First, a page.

By all accounts, the Gore Shakedry jackets are revolutionary in their construction. Eschewing the traditional three layer laminate fabric, Gore instead perfected a two layer technology that placed the waterproof membrane right on the outside of the jacket. The resulting jackets are incredibly light and will remain completely waterproof throughout their lifespan without any additional DWR treatments. Incredible as they may be, they have one drawback – the Shakedry fabric has very little stretch which impacts the overall comfort. To address the issue, Gore Wear is introducing an all new Goretex fabric. Originally developed for military use, the new Goretex Stretch fabric is used in key locations to create the most comfortable Shakedry jacket yet.
When it comes to Gore-Tex fabrics, the magic happens in the middle. Above are the three pieces that make up a traditional Gore-Tex Active fabric. You have a layer that’s next to skin for comfort and moisture wicking, the actual Gore-Tex membrane which is naturally white, and then the one of the many Gore Selected outer face fabrics which protects the membrane and adds additional durability. The drawback to three layer designs like Gore-Tex active is that they’re heavier, less breathable, and require a DW coating for the outer face fabric which will eventually need to be reapplied or the jacket will start to absorb water.
Shakedry fabric on the other hand is simplified to two just different layers thanks to a more durable Gore-Tex membrane which is placed on the outside of the jacket. Without the face fabric, there is nothing to ‘wet-out’, and the jacket will maintain the same water proofing for the life of the material without any treatments whatsoever. The fact that it breathes better and is lighter is just icing on the cake.
As mentioned though, the fabric does have its drawback. Namely that it doesn’t allow much stretch to the fit. To find a solution, Gore turned to their Military division which created a fabric called Gore-Tex Stretch. A three layer fabric like Gore-Tex Active, Gore-Tex stretch features a Gore-Tex membrane sandwiched between two protective layers that are engineered to stretch. More importantly, it is a low force stretch which is better for comfort and the fabric has excellent recovery so it won’t stretch out over time.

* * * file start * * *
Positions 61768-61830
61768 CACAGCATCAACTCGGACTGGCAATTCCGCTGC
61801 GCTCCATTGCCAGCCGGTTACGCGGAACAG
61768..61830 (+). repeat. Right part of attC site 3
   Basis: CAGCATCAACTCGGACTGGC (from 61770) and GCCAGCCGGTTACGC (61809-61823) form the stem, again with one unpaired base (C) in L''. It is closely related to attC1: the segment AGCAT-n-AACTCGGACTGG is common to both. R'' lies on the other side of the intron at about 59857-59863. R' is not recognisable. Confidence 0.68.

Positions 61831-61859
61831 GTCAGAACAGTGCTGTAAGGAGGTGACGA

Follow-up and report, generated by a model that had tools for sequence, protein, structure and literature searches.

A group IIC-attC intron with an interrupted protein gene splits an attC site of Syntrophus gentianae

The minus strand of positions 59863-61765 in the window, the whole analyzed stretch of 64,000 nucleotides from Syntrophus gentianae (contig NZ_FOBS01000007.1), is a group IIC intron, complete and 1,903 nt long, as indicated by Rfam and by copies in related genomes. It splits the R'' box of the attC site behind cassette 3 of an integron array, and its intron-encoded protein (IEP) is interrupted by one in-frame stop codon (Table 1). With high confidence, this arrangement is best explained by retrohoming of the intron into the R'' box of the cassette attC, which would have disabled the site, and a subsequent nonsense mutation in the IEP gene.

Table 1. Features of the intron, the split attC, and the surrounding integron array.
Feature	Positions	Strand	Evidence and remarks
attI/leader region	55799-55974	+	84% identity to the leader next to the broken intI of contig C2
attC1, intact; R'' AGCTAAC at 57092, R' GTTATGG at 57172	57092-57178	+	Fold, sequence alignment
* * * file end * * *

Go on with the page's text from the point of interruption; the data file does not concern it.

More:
Even though this jacket doesn’t have to fit over body armor like their military jackets, it still wasn’t as easy as just adding the Gore-Tex stretch and calling it a day. Since the stretch fabric is still a three layer fabric, it doesn’t have the same breathability as Shakedry. It’s also quite a bit heavier as well. In order to make the best jacket possible, Gore had to find the perfect places to use the stretch material for the best fit while keeping the material’s use to a minimum. That required extensive prototyping from where the fabric would be placed to how the two way stretch would be oriented.
Along with Gore’s state of the art test facilities (which are apparently only rivaled by the military), Gore also enlisted the help of a new brand ambassador for testing and development – Fabian Cancellara. However, it’s immediately clear that Fabian is more than just an ex-pro paid to use the product. Fabian is noticeably critical of the details and is said to have played a big part in the development of the new jacket and will have an even bigger role in future product development.
Pointing out that pro teams often had to buy their own rain jackets when their team sponsor didn’t have what they wanted, Fabian recounted his first experience with a competitor’s Gore-Tex jacket which was simply too tight around the chest. Spartacus needs to breathe, so the jacket wasn’t an option. With the C7 Gore-Tex stretch, that’s apparently no longer an issue.
The finished product ended up with stretch panels under each arm, at the hip, along the shoulder blades, and at each wrist. The placement was to ensure the best fit and movement, but also the best ventilation for the hottest areas of the body.
The jacket still packs into its own pocket, though this time it’s in a rear pocket and not quite as small as the original Shakedry jacket. It’s also not as light with my medium jacket weighing in at 156g (Gore says it’s about 55g heavier). The tradeoff however is certainly a much more comfortable fit. We’ll get our first real impressions of the jacket tomorrow, but right off the bat the jacket felt like it had a better fit. It is also the first Gore rain jacket that I felt like I could actually wear a small since the chest stretched, but I still settled on a medium to allow some room for layering. The stretch may allow some riders some leeway if you’re stuck between sizes though.
Available starting April 10th, Gore Wear will be doing a limited release similar to the first Shakedry jackets. Initially only 1000 jackets will be available world wide, with the USA’s allotment sold exclusively through Competitive cyclist for $369. Apparently their first shipment will be less than 100 jackets, so don’t expect a ton of availability here until the jackets hit full production for Fall/Winter 2018/2019.
Stay tuned for first impressions!